Making the Connection between Faculty, Financial Aid, Admissions & Students

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The three entities critical to student success occasionally cross paths in a university setting: Faculty, the Financial Aid Office, and Admissions. Although each group must rely on the other two to accomplish their work, sometimes a breakdown in communication can result in the toppling of the house of cards that contributes to the goal of student achievement.

Separate and Individual Perspectives

Take faculty, for example. As the lifeblood of the university, faculty members want students who are academically ready to take their classes. They look to the Admissions staff to ensure students meet the prerequisites required to take a class. From the faculty member’s perspective, having this background helps ensure the pass rate for the class is optimal and maximizes the amount of learning that takes place.

Admissions representatives, on the other hand, expect the instructors to trust their judgment and accept the students they send through the doors, regardless of academic status. They don’t want to memorize the backgrounds of all of the students on their caseloads or to take the chance of weeding out students based on academic status, resulting in more work to compete for students. On the other hand, without collaboration between groups, a student falling below half-time enrollment or losing his or her financial aid won’t have all the information needed to make the right decisions regarding his or her academic future.

The Financial Aid Department often becomes buried under requirements for students to meet various state and federal grant and loan programs or risk students losing their funding. There are also dozens of scholarship standards individual students must reach to keep their scholarships.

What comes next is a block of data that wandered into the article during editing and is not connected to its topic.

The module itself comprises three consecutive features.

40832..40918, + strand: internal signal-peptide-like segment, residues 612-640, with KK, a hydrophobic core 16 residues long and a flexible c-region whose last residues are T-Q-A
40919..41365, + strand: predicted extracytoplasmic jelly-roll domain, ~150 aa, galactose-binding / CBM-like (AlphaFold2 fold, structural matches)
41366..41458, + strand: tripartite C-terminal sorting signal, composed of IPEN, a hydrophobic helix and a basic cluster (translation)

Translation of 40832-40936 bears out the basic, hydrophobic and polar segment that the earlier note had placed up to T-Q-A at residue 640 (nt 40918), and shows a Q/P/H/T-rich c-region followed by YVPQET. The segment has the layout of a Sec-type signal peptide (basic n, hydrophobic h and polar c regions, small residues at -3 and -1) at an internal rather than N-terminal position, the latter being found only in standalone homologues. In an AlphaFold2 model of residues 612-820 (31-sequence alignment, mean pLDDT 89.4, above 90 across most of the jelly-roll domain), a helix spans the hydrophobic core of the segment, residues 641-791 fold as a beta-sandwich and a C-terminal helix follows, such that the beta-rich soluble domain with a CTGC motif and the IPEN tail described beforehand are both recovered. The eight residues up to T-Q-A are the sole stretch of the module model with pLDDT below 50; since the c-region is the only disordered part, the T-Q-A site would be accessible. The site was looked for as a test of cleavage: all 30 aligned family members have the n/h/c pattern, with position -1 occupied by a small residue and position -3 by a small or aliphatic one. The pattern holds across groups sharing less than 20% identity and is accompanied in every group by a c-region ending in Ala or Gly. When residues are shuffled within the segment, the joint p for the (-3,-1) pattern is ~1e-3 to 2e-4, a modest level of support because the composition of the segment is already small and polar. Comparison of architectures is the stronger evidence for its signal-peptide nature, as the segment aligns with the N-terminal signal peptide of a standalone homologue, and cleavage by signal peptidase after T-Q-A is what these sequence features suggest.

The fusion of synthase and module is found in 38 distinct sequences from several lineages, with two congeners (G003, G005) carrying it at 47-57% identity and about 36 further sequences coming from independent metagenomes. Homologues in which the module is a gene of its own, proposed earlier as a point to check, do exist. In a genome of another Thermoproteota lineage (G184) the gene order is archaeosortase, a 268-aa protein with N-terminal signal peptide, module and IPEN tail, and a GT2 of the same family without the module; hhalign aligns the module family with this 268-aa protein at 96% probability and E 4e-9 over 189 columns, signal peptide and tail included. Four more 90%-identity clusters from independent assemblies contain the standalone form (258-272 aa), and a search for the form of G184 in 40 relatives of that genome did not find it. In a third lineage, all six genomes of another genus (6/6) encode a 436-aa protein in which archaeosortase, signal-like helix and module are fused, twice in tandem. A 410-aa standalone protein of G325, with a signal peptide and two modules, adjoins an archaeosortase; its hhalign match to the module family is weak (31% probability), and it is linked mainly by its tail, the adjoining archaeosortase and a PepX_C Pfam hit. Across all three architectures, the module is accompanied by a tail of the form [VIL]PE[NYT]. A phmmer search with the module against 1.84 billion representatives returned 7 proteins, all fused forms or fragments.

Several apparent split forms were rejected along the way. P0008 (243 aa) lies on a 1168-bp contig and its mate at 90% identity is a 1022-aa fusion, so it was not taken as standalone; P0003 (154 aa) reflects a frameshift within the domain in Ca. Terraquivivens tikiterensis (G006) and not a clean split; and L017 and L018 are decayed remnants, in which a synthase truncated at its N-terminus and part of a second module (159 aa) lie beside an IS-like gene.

Ultimately, the result is additional pressure on the Admissions Department to recruit more students, the Financial Aid Office to ensure students can maintain their funding, and faculty to work twice as hard to ensure a transfer of knowledge, regardless of students’ prior background.

Communication is Key

Communication between these three stakeholders can ease the burden for each group while increasing the chances of success for every student. In a July 2012 article in The Chronicle of Higher Education, Allene Begley Curto wrote, Conversations need to occur frequently between financial aid offices, registrars, academic deans, and faculty representatives. Our shared goal is for the student to successfully complete the program. Continued communication and collaboration is the key.” Keeping this goal in mind is critical to helping university departments improve their ability to communicate with one other.

In addition to communications, team building and a respect for each party’s contributions can help reach the university’s goals.  According to Kathy Kurz and Jim Scannell, writing in a September 2005 article in UniversityBusiness.com, collaboration, shared goal-setting, shared data, and ongoing and deep communication are essential for the university to maximize its resources and to serve students.